Johan: So far we only worked with used burgundy barrels. 5-7 years old and both red and white. Mainly because it’s my personal favourite among wine regions and the fact that they are uncompromising when it comes to barrels and meticulous in their work. The price point for burgundy being what it is there is really no reason for them to cut costs on oak and they always buy the best from local coopers. This also means that the barrels are never infected or leaky. Obviously they are a bit more expensive but after the first batch I bought I was hooked. I’m not really looking for barrel notes, we want the micro-oxidation to mature the cider slowly and in most of our ciders I think you have to be a professional to detect it. It’s been very exciting to notice the difference between different coopers and what toasting is better for what type of cider. This vintage we’ll be doing more experiments with other kind of barrels, some really wicked stuff. Not what you would expect. But it’ll be ready in 2022 so you have to be patient on that one.

Malt: Speaking as a wine nerd, I have to say there’s an incredibly wine-like quality to a lot of your ciders. Is that something you’ve been aiming for? Do you think cider should take more of its cues from wine?
Johan: Thanks, I take that as a fine compliment. I would not say that it’s been a deliberate aim but that is the techniques and flavours we have to go for in order to tame the Swedish apples. The thing that makes the apples here so incredibly good for eating straight from the tree, the high acidity, is also what the huge challenge when it comes to making a tasty fermented beverage out of it.

It took me many years and failed batches to figure this out. In the beginning I took cues from brewing and some of the cidermakers in Normandy but it always turned out the same – shit. It wasn’t until I was running out of vessels for my failed experiments that I had to pour out my old failing to make room for new one and I found one of the batches I made years previous and before pouring it out I obviously had to try it, and it was really good. But not in a traditional cider sense, in a wine sense. It was more similar to a Muscadet sur lie or a young Riesling. That’s where it kind of clicked and there was hope to make something more than just vinegar. From there on it was longer maturation times, malolactic fermentations and barrels.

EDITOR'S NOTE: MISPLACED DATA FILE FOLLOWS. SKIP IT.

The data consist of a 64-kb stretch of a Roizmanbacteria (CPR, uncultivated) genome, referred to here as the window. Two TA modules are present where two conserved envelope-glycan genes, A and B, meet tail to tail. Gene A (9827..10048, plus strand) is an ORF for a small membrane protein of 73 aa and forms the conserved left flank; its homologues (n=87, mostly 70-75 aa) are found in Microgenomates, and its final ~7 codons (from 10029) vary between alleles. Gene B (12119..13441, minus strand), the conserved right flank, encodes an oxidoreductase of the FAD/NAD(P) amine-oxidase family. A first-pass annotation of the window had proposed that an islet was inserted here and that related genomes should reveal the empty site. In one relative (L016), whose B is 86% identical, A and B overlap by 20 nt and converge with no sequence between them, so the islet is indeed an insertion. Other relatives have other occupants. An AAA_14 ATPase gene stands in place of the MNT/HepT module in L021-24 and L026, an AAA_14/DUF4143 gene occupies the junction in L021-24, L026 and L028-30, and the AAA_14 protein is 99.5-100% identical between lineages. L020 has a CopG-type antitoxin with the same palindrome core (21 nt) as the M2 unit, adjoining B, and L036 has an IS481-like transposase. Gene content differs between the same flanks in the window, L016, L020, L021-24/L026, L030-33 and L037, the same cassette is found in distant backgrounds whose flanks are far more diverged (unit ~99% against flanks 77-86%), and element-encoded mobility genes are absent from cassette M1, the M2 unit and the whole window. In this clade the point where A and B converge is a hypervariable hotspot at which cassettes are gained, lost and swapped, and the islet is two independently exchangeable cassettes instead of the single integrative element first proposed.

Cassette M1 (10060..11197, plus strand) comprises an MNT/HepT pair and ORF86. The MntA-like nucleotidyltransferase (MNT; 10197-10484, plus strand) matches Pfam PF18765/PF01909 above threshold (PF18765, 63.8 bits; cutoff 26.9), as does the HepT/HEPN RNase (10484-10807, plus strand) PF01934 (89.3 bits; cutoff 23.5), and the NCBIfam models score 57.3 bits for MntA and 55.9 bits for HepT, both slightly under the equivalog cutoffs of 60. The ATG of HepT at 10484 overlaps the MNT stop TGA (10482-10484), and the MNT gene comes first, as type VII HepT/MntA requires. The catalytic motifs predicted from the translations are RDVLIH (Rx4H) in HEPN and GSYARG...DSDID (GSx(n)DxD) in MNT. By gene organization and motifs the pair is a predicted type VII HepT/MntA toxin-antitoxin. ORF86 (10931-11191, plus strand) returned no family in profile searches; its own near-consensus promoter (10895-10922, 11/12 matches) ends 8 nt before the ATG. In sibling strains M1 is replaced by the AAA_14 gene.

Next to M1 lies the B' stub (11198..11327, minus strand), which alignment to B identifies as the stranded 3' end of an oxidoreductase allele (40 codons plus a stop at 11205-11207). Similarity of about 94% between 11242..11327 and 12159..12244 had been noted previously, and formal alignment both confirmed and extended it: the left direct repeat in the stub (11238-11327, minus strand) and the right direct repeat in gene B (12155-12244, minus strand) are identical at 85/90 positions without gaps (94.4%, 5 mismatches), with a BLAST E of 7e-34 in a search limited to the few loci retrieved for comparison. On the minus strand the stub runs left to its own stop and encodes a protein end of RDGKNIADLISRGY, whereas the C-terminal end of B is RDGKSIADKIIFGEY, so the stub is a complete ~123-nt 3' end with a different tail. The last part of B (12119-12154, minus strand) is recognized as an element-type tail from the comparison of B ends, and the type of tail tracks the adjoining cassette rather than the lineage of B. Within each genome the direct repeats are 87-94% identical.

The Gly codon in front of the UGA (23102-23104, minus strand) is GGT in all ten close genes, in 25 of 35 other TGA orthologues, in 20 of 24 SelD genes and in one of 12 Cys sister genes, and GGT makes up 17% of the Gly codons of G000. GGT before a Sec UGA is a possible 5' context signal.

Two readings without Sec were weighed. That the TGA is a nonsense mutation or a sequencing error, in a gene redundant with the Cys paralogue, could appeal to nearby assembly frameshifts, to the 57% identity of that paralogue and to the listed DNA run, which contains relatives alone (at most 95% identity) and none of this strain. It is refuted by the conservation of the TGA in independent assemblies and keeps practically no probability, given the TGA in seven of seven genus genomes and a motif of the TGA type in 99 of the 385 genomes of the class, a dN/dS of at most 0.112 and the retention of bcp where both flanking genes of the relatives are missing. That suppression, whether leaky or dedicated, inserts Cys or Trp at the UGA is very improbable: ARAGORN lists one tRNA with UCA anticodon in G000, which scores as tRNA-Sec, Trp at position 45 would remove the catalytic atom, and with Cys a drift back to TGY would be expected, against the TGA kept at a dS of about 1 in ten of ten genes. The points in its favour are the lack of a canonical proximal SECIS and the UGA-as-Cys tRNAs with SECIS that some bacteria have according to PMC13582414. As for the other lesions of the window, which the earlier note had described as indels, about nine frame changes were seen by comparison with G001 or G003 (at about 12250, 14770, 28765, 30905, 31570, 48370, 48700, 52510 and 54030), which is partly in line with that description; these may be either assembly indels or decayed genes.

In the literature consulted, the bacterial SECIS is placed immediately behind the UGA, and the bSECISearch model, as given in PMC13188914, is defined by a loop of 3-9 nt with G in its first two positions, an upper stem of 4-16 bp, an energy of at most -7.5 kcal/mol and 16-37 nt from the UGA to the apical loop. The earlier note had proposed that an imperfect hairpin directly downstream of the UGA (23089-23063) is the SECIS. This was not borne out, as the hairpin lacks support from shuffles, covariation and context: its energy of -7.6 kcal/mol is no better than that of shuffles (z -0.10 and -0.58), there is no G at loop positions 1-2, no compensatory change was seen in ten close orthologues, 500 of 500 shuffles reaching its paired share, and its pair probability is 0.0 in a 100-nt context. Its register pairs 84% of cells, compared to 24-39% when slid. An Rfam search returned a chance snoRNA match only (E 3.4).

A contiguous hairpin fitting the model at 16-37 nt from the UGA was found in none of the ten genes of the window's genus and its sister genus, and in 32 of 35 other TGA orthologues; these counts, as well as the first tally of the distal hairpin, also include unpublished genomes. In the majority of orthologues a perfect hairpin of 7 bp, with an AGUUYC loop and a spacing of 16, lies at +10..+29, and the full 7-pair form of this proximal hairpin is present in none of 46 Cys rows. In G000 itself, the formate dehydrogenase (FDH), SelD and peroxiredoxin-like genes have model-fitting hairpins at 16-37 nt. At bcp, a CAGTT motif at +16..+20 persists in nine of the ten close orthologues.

I think there is a lot of inspiration to take from the wine side but we have to be careful in what parts we choose to inspire us. One of the reasons I pretty much left the wine community and embraced this one is the relaxed atmosphere. There is no pretention; snobbism and the hierarchies that plague the wine industry are pretty much non-existent. A few years back my wife told me: “I really like drinking wine with you, but I love drinking cider with you.” The reason was simple, when it came to cider she felt like her opinion was important and there was a discussion whereas when it came to wine my judgment (with two years of sommelier studies, internship as NOMA, working as a sommelier, working in imports and as a wine critic at one of Sweden’s dailies) was final. Wine drinking was more of a lecture while cider drinking was a mutual exploration.

Wine knowledge is one of the more prestigious you can amass, especially in countries that have no wine production. This makes for a very bourgeois power trip for those who have it and one of the drawbacks is that the industry attracts the kind of people that thrive in such an environment. I want the opposite for cider. All knowledge should be shared, and everybody’s opinion should be respected. This will not be a cider revolution if the perspective is from above. Personally I have enormous amounts of love for the term cider but it’s associated with cheap and often questionable quality so labelling my product ‘cider’ automatically puts me in a category where I constantly have to argue for the price of my products. Two of my colleagues here in Sweden have chosen another path. Bedstekilde who makes top notch sparkling champagne method calls it ‘apple wine’ and Fruktstereo uses the term fruit ‘pet-nat’ for their more expensive ciders. That way they’re finding a new audience that wouldn’t have picked up a bottle that said ‘cider’ on it. It’s a smart move business wise but no matter the angle I’m looking at it, cider is what I do and will keep on doing.